The father fed the livestock.  The mother gathered the eggs and fed the chickens.  The boy strained the milk, separating the cream, and put the milk where it would stay cool.  Everyone finished breakfast, got the Bible, and finished getting ready to go to church.  The mule was harnessed and each member mounted it.  Snow was still on the ground, but the weather had warmed causing the yard and road to be soft and muddy.  They rode five miles to the church building in town, arriving fifteen minutes early.  The year was 1895.

The alarm goes off.  An arm manages to swings out from under the covers and hit the snooze button.  Fifteen minutes later, the scene repeats itself.  He and his wife finally drag out of bed.  He retrieves the Sunday paper and sits to read the funnies.  The wife yells at the two boys to get up, “IT’S SUNDAY”!  There is no response.  A second, third, and fourth warning is called out, each getting louder.  Grumbling is heard.  Arguments begin.  It signals that both are up!

Mom heats up some Pop-Tarts for breakfast.  Three times “Breakfast is ready” bounces off the walls before anyone appears.  There is bantering between the boys but breakfast is soon consumed.  Instructions again about it being Sunday and the boys are admonished to “quit messing around and get dressed.”  Dad is included in the instruction!  He shaves and combs his hair.  He and she get dressed.  A few more admonitions and the boys look half way decent.  It takes a few more warnings to get everyone in the family vehicle.  Off they go.  They live four block from the church building.  The speed limit is 40, but dad fudges 5 miles more.  This morning they hit all the green lights.  They arrive but parking near the entrance is taken.  Four part grumbling fills the car.  They are in the seventh row of parked cars and down about 300 feet.  All four doors open and the family exits, heading for the church entrance.  The wind is brisk and cold.  More grumbling. They are ten minutes late rather than the usual fifteen.  They congratulate themselves on being five minutes earlier!  The father is the great grandson of the youngest brother pictured on the mule.  The year is 2016.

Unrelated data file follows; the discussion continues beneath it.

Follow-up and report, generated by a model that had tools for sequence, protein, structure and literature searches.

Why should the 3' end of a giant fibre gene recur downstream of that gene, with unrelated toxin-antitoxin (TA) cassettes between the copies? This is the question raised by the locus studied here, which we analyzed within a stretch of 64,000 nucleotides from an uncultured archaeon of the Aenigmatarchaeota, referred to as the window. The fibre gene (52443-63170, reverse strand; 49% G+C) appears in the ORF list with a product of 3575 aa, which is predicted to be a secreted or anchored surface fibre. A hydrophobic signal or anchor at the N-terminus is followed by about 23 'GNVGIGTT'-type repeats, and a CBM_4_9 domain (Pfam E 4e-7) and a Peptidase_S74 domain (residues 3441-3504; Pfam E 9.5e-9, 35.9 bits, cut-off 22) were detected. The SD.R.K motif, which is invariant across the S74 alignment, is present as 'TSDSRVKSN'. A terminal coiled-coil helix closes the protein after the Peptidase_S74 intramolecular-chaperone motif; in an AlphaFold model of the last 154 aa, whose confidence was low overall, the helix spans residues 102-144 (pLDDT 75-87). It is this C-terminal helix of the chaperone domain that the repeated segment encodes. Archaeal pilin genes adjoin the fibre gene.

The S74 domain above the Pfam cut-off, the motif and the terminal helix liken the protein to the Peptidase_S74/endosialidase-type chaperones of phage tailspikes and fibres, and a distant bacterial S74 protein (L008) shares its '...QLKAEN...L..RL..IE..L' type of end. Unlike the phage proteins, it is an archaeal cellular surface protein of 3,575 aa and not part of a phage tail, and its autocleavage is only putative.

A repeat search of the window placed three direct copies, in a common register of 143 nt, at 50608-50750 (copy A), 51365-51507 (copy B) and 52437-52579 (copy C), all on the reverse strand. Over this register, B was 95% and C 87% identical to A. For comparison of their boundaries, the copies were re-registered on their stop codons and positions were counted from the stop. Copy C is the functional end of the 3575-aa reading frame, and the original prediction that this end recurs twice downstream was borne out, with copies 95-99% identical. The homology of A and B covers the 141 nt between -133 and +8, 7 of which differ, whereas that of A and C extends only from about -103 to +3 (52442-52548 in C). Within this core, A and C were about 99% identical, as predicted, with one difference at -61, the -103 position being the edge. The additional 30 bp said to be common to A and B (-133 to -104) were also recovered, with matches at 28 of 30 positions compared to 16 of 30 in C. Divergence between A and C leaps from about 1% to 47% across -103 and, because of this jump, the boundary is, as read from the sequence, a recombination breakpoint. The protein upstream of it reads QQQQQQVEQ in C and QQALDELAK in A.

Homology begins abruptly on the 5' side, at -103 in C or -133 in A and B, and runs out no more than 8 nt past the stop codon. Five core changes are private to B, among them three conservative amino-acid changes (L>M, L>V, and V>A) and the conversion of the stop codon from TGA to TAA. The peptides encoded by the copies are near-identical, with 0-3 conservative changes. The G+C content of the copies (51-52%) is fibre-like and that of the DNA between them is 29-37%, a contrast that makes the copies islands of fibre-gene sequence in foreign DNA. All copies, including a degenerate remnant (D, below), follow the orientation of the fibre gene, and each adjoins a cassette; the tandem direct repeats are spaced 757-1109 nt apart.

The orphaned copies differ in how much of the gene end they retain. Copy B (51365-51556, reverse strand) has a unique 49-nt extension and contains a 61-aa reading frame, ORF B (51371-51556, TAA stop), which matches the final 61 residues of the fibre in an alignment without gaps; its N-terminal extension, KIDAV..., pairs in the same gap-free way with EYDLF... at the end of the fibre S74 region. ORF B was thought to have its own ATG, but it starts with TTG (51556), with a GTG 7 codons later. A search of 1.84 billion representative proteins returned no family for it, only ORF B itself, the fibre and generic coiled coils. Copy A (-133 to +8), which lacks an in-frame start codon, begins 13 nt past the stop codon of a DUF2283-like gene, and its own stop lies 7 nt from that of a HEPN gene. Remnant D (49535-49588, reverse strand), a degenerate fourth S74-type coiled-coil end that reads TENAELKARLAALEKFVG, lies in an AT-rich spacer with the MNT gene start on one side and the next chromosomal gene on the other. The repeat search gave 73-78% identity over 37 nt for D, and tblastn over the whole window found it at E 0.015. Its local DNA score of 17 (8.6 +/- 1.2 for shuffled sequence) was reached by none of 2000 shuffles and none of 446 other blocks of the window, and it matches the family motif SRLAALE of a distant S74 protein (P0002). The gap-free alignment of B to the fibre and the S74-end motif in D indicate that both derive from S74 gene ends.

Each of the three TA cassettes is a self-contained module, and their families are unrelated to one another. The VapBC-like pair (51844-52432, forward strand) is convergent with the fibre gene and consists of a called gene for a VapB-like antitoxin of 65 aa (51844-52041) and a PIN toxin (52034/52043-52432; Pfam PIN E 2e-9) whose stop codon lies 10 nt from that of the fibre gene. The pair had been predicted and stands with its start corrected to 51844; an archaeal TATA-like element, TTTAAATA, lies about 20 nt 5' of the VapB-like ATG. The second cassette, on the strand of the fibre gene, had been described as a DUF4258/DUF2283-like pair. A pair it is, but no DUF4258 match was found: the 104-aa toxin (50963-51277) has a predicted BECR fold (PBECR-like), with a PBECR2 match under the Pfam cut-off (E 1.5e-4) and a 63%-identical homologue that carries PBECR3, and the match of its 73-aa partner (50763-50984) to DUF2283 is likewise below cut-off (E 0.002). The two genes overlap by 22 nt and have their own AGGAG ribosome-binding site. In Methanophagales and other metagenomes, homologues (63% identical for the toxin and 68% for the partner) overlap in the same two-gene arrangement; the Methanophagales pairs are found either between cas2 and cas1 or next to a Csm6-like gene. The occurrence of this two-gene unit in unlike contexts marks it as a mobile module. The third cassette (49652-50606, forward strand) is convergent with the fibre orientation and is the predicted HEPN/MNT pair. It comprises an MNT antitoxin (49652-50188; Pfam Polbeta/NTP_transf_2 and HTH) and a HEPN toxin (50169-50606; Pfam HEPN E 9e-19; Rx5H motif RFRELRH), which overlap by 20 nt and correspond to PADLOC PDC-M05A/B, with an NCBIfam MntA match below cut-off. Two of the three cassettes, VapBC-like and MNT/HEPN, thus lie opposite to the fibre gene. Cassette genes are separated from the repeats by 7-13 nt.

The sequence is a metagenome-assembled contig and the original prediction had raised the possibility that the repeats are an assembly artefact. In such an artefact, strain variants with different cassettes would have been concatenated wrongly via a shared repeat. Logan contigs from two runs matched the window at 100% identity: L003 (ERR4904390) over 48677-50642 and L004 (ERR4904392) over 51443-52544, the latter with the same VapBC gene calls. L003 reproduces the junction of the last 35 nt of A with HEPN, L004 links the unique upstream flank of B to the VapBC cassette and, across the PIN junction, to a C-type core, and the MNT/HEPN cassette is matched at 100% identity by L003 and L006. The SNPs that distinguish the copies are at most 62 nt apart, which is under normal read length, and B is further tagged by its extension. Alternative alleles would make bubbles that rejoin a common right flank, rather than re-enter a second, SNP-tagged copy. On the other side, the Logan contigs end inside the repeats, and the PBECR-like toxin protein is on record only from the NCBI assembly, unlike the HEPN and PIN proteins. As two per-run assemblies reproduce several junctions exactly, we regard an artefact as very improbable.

The wife sees that picture every Sunday and wonders if their ride was on a mule rather than in a Ford Bronco, would they arrive at church fifteen minutes early?

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Monday, July 16, 2018

Some would refer to them as “compassionate hearts.”  One can appreciate their honest and sincere concerns for others and a desire to do what is right.  Yet, the good they wish to do is misplaced and sometimes based upon poor interpretation of scripture.

One of the leading stories in the news is on illegal immigrants.  Those who wish to allow them into the USA, void of all “vetting,” feel those who disagree are unchristian in their attitude.  Some have gone as far as demanding that ICE be disbanded, and all illegals allowed in and their needs supplied.  They believe “this is the Christian thing to do”!  In their minds, to refuse this care reveals “an unchristian spirit.”

To justify this generosity, the fact that these immigrants are breaking the law, is dismissed.  This law breaking is justified by some with scripture to prove that our generosity trumps the law!!  Acts 5:29 is cited, “We ought to obey God rather than men.”  The apostles were not defending illegal immigration, only their right to preach the gospel.  This mass of illegals is not entering the USA to preach the gospel.  Among them are gang members who are vicious in their actions.  There are also terrorists who wish to murder the very individuals who wish to aid them.  These terrorists consider their benefactors to be pagan heathen.  A number of those illegals are demanding the same rights which legal immigrants worked hard to receive.  In fact, some illegals are demanding much, much more.  They believe they have a right to receive what our veterans and the poor cannot receive!